The call is clear–embrace a varied array of content types. A well-rounded content calendar should comprise more than just videos. Multi-content carousels and static photo posts are reclaiming their positions alongside videos. Moreover, the essence lies in tailoring content to harmonise seamlessly with each platform’s unique nuances.

Crafting tailored posts for every platform might seem overwhelming. Aim to repurpose content and copy for various platforms. For instance, lengthy LinkedIn polls and posts can be distilled into engaging Instagram Stories with poll stickers.

A quick tip–Schedule your content in advance. This practice ensures the timely release of tailored posts across platforms without the hassle of real-time switching. 

A shoutout to short-form videos!

Short-form videos, typically under a minute in duration, have emerged as a dominant force, pulling 66% of consumers. 

These bite-sized videos are remarkably shareable and boast 2.5 times higher engagement rates compared to longer video formats. Furthermore, 34% of consumers appreciate their greater authentic nature.

The world of social media has wholeheartedly embraced short-form video content. Mastering the art of crafting compelling short videos is becoming increasingly indispensable for success in the ever-evolving landscape of social media in 2024. As your team leader says, explain in brief– you have to obey her on this!

Trend #6: Personalisation remains the key

Personalisation and user-generated content (UGC) are gaining prominence. Audiences seek authentic, relatable content that mirrors their individual experiences and passions. Encouraging UGC not only nurtures the community but also provides marketers with authentic content, elevating brand credibility.

Leveraging data-driven personalisation strategies ensures that content resonates with the intended audience, boosting engagement and conversions.

The tech behemoth Google is spearheading personalisation efforts, integrating these features across its ecosystem. Initiatives like Google Discover’s topic-following capabilities and personalised search results cater to individual preferences, enhancing user experiences.

Trend #7: Threads may have unresolved threads

Instagram’s usage surge across Millennials and Gen Z, as reported by Statista, coupled with Meta’s focused annual Instagram Trend Talk on Gen Z, strongly indicates the platform’s keen interest in this demographic. This upward trend in Instagram usage could potentially signal promising opportunities for Instagram Threads.

However, despite an initial surge in sign-ups, Threads experienced a significant downturn in user engagement and activity, plummeting from 2.3 million active users in July to a mere 576,000 in August—a staggering 79% decrease. This decline can be attributed, in part, to user frustrations with the platform’s functionality, suggesting a possible premature launch. 

While efforts are underway to improve the user experience, lingering questions persist–has this affected the brand’s reputation somewhat?

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This decline, in some ways, was anticipated.

Elon Musk, the owner of X, has openly expressed personal grievances regarding social platforms’ collaboration with government entities during global events like the COVID pandemic, which he deemed exaggerated and unnecessary. Musk’s viewpoints have gradually influenced X’s stance on addressing mainstream media bias, inadvertently driving more users toward Threads. Threads is gradually emerging as a viable alternative to X, especially as Musk’s repeated criticism of mainstream journalists and organisations prompts their shift towards Meta’s alternative.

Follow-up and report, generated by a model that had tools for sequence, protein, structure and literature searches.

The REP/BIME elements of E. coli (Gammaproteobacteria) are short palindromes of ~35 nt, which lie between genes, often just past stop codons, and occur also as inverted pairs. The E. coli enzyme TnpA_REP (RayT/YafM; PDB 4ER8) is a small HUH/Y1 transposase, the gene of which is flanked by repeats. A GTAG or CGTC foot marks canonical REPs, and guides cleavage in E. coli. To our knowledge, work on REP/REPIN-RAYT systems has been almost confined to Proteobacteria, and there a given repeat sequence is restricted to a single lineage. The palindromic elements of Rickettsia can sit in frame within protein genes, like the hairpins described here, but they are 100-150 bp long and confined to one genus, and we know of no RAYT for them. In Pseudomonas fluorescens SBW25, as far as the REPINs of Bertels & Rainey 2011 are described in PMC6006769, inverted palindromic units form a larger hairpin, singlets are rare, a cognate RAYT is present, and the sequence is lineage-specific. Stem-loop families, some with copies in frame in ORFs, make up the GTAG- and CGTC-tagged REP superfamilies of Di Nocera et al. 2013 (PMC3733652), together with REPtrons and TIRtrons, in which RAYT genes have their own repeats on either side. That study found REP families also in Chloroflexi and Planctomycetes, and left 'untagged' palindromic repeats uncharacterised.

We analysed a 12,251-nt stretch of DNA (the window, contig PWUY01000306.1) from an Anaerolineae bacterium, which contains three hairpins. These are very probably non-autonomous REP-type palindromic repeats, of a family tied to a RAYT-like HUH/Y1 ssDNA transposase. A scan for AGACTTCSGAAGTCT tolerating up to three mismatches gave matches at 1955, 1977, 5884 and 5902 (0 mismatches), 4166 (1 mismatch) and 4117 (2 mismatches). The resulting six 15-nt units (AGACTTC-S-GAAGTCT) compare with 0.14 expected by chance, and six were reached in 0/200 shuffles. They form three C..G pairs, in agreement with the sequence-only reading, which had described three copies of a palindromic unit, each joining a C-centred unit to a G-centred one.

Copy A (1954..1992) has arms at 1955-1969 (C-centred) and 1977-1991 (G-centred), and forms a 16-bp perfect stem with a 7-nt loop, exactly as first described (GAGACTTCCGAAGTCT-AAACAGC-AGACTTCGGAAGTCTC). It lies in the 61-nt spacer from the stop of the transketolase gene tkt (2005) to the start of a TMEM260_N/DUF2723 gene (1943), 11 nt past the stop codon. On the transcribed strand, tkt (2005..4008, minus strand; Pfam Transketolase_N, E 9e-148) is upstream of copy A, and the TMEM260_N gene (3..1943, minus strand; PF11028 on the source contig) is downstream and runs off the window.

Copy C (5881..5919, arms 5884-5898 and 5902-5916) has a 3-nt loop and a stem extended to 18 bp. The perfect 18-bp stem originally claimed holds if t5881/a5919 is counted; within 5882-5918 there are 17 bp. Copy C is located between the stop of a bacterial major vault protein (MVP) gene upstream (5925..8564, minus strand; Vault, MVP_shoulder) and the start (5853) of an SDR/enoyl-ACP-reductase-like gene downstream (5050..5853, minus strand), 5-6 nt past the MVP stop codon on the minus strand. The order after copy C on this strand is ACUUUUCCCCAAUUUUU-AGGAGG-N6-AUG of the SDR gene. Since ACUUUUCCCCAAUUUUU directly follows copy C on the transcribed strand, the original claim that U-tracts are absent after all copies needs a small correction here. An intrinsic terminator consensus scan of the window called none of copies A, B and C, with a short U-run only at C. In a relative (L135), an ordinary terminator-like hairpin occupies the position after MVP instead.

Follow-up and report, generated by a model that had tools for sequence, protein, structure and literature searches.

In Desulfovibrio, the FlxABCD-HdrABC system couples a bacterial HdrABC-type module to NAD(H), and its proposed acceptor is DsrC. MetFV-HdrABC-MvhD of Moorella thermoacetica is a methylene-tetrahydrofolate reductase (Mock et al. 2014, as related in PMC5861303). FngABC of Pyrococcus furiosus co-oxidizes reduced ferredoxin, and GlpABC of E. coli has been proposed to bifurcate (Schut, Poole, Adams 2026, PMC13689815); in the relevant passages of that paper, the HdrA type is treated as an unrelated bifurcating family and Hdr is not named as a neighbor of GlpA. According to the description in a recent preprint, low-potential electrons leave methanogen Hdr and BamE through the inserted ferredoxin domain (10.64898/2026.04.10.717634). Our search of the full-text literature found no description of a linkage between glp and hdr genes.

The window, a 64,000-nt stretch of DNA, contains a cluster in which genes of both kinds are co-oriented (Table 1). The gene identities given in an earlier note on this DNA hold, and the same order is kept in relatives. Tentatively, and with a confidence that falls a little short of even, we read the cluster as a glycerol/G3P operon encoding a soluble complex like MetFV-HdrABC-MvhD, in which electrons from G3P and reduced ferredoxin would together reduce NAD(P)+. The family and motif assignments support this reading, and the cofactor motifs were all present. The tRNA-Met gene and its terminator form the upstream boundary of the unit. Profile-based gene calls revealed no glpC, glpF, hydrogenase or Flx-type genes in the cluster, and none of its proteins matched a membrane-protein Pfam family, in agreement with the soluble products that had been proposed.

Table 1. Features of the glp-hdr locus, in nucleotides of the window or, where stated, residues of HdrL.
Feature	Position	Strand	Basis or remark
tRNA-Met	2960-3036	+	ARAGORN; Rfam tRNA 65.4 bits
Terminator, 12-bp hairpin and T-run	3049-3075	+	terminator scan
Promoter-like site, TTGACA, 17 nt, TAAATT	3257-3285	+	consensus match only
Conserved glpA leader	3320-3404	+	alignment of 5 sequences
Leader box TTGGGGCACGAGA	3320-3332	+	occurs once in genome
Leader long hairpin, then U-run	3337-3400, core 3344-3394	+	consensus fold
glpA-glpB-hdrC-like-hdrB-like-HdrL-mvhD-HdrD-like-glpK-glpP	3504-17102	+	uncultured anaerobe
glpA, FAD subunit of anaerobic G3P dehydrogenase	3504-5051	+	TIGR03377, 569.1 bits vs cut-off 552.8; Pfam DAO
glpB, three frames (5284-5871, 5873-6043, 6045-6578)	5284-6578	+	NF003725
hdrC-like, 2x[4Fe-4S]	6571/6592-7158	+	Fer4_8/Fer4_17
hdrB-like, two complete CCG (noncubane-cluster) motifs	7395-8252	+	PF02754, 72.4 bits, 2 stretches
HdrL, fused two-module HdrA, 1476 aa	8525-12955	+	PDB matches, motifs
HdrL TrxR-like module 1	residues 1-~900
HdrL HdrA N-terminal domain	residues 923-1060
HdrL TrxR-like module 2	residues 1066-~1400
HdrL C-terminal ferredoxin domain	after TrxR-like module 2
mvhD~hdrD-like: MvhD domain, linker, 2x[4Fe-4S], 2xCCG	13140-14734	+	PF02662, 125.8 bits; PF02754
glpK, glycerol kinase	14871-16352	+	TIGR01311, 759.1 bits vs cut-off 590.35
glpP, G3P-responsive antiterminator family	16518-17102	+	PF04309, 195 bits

So, can Threads genuinely challenge X’s dominance?

The likelihood seems plausible. With forthcoming features like DMs and an API, Threads is poised to gather momentum, potentially posing as a partial competitor for X’s audience. 

Trend #8: Rise of LinkedIn’s Thought Leadership Ads

LinkedIn’s latest introduction of ‘thought leadership ads’ presents a remarkable opportunity for brands to amplify employee-generated content, effectively reaching target audiences and increasing the resonance of brand messaging.

Additionally, insights from LinkedIn data underscore the pivotal role of engaged employees in significantly boosting company page interactions and job application rates. 

These ‘LinkedInfluencers’ not only exist externally but are also prevalent within their own companies, a trend LinkedIn seeks to harness. With 80 per cent of LinkedIn’s 900 million members driving business decisions, the platform stands out as the primary social hub for B2B communications and lead generation.

Trend #9: Going nostalgic with nostalgia core

In 2023, it seemed that a ‘core’ trend enveloped everything–from cottage core to millennial core, the spectrum was boundless.

But what exactly defines a ‘core’?

As per Mashable, it’s a term used “to describe shared ideas of culture, genres, or aesthetics, and groups them all into one set category.”

The resurgence of 90s and Y2K fashion among Gen Z signals a trajectory for brands to delve into the nostalgia trend in 2024. Whether it involves curating throwback content or employing ‘vintage’ promotions for product launches, leveraging nostalgia proves to be a potent tool for relatable and impactful marketing strategies.

Be prepared to find a surge in influencers embracing nostalgia-driven content. Even Pinterest, through their annual Pinterest Predicts, forecasts various nostalgic aesthetics like ‘Kitchens’, ‘Give a Scrap’, and ‘Eclectic Grandpa’ in their trends report.

It’s the time to go retro, folks!

The Bottom Line

Statista’s most recent data highlights a staggering 4.95 billion global social media users, with expectations set to escalate this figure to around 5.85 billion users by 2027. But amidst this rollercoaster landscape, is there a trend that’s captured your attention lately? Don’t forget to let us know!